The Sikh Next Door: An Identity in Transition
In The Sikh Next Door: An Identity in Transition, author Manpreet J. Singh invites readers on a captivating journey that explores the multifaceted nature of Sikh identity in contemporary society. The book attempts to understand the identity of the Sikh community, which has been shaped by different pasts, and its impact on their modern social life. The author's personal experience has shaped the narrative of self-image along with their constructed identity outside the community. The experiences, challenges and aspirations of the Sikh community, which struggles with diversity and understanding, are highlighted through Singh's incisive work.
The book is divided into six chapters excluding the introduction and conclusion. Each chapter takes up a particular theme, forming an arc from the historical context to the modern-day perspectives. The first chapter, entitled “Nudged Out of the Narrative: The Trader/Professional Sikh” traces the emergence of Sikh identity. It contextualises the diversity in the community and how they followed different trajectories of development. The chapter discusses the evolution of the Khatri and Jat community within Sikhism and how there has been a continuous rift between these two in terms of occupation, customs, traditions, and sphere of influence. It also discusses the rise of Sikh misls (community of Sikh warriors) and further the establishment of the Sikh kingdom under the leadership of Ranjit Singh after the period of Guru Gobind Singh. The author has comprehensively discussed the Sikh, particularly the Jat Sikh, from the British colonial period to their condition after the partition. The chapter illuminate that gradually, due to various factors, the Jat identity turned into the Sikh identity, and many stereotypes got associated with the group.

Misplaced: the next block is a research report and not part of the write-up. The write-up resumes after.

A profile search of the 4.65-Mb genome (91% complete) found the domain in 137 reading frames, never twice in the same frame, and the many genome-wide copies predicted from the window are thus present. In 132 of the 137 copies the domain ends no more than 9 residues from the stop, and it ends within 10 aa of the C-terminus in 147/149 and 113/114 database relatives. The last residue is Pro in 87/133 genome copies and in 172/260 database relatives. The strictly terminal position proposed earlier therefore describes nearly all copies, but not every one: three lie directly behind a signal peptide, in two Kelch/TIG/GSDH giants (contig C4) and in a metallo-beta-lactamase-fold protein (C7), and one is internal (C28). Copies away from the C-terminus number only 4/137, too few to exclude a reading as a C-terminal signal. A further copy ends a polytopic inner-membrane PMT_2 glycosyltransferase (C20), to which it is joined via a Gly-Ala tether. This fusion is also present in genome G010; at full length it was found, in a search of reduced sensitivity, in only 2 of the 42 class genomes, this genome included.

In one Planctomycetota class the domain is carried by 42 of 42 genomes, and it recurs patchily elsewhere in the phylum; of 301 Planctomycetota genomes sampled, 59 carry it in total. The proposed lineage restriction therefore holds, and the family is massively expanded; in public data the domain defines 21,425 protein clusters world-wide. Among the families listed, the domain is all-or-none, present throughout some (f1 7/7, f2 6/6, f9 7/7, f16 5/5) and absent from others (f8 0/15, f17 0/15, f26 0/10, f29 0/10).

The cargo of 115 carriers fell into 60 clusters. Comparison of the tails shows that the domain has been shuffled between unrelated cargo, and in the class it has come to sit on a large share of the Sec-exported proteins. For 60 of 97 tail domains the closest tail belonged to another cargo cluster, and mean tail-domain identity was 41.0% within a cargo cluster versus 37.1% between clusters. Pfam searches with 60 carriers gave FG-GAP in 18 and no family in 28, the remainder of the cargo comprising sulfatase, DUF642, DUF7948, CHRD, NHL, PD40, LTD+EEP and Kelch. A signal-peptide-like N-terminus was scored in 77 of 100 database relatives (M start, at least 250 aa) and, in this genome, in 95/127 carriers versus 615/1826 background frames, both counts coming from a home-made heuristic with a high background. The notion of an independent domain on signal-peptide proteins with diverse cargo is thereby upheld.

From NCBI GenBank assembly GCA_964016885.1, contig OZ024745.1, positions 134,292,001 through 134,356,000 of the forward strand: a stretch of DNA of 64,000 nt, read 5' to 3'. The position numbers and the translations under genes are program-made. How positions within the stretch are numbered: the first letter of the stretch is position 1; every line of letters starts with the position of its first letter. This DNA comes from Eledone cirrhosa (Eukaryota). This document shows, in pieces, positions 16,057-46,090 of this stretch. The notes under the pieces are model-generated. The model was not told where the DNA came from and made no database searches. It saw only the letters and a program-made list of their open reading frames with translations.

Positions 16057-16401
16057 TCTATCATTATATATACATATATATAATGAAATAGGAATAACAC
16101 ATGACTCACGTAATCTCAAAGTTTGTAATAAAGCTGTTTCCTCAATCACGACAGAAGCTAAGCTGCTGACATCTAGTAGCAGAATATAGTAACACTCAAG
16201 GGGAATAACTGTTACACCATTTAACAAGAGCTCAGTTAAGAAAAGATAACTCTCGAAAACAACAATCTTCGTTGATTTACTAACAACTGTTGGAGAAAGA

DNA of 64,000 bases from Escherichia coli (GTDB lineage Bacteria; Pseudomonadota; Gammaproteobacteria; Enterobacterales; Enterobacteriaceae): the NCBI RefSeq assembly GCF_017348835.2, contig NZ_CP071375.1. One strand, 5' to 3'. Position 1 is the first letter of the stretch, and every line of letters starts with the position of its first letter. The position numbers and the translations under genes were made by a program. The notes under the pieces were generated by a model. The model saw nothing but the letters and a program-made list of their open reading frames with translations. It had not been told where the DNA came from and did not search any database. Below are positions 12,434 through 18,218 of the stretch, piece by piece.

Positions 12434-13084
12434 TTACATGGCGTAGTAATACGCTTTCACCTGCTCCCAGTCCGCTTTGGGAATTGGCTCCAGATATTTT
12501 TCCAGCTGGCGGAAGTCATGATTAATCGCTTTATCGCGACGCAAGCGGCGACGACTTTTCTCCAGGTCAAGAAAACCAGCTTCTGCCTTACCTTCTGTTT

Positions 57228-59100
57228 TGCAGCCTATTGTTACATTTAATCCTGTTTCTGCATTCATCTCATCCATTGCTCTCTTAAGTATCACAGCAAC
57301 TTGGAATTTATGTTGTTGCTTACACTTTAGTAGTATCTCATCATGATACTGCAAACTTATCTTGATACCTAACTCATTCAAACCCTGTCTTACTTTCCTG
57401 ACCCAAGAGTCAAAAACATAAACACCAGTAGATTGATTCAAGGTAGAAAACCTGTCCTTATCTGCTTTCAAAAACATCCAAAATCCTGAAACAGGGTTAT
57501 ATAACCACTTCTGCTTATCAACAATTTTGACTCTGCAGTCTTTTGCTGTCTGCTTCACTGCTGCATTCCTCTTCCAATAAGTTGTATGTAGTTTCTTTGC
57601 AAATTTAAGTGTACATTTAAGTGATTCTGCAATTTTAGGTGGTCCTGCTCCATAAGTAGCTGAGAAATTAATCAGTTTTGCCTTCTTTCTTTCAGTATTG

The second chapter is entitled as “Evolving Urban Profiles: From Village to City.” It discusses how the life of Sikhs associated with occupations and social hierarchy has undergone many changes due to the breakdown of occupational boundaries. It discusses the movement of Sikhs into urban areas and the complex process of resistance and assertion shaping the new Sikh identity. The chapter discusses the Jat and non-Jat migration to urban areas separately along with the impact of Dalit Sikh in urbanisation. The movement of Jat and the Ramgarhia community have been associated with the colonial era. Meanwhile, the Dalit Sikhs moved due to several factors, but the establishment of the industrial corridor along the major cities of Punjab played a crucial role. The third chapter, “They Are Not Like Us: Sikhs in Other Cultural Setting,” explains the movement and enculturation of the Sikh community in different parts of India. It explores how the identity of Sikhs has taken specific form and how Sikhs have become increasingly othered and alienated. The Sikh community has tried to maintain their ethnic and religious identity despite several challenges and deprivations in different states. The chapter specifically discusses the Sikhs in Bihar, Bengal, Assam, Meghalaya, and southern states of India. The chapter concludes that despite these Sikhs being an integral part of the community, they have been pushed away and their evolution has been completely different from the community. The fourth chapter exploring the transfer and evolution of Sikhs in various other countries is titled “Finding New Anchors: Sikh Identity in Foreign Lands.” The chapter gives historical context for how and in which conditions Sikhs are enabled to move to foreign lands. It traces the various branches of Sikh outmigration to Southeast Asia, Australia, Canada, the United States of America, the United Kingdom, and other European countries. The initial trend started with the movement of Sikhs as a part of the British Army and further for labour requirements. They faced several challenges but gradually strengthened their footing in all of these countries. In contemporary times, too, Sikhs are moving out for social and financial empowerment. It has also given rise to temporary marriage culture, where a couple marries to acquire foreign citizenship and after that separates. The author points out that the contemporary shift in the pattern of Sikh migration is also visible in several social spheres including religious, caste, and political polarisation.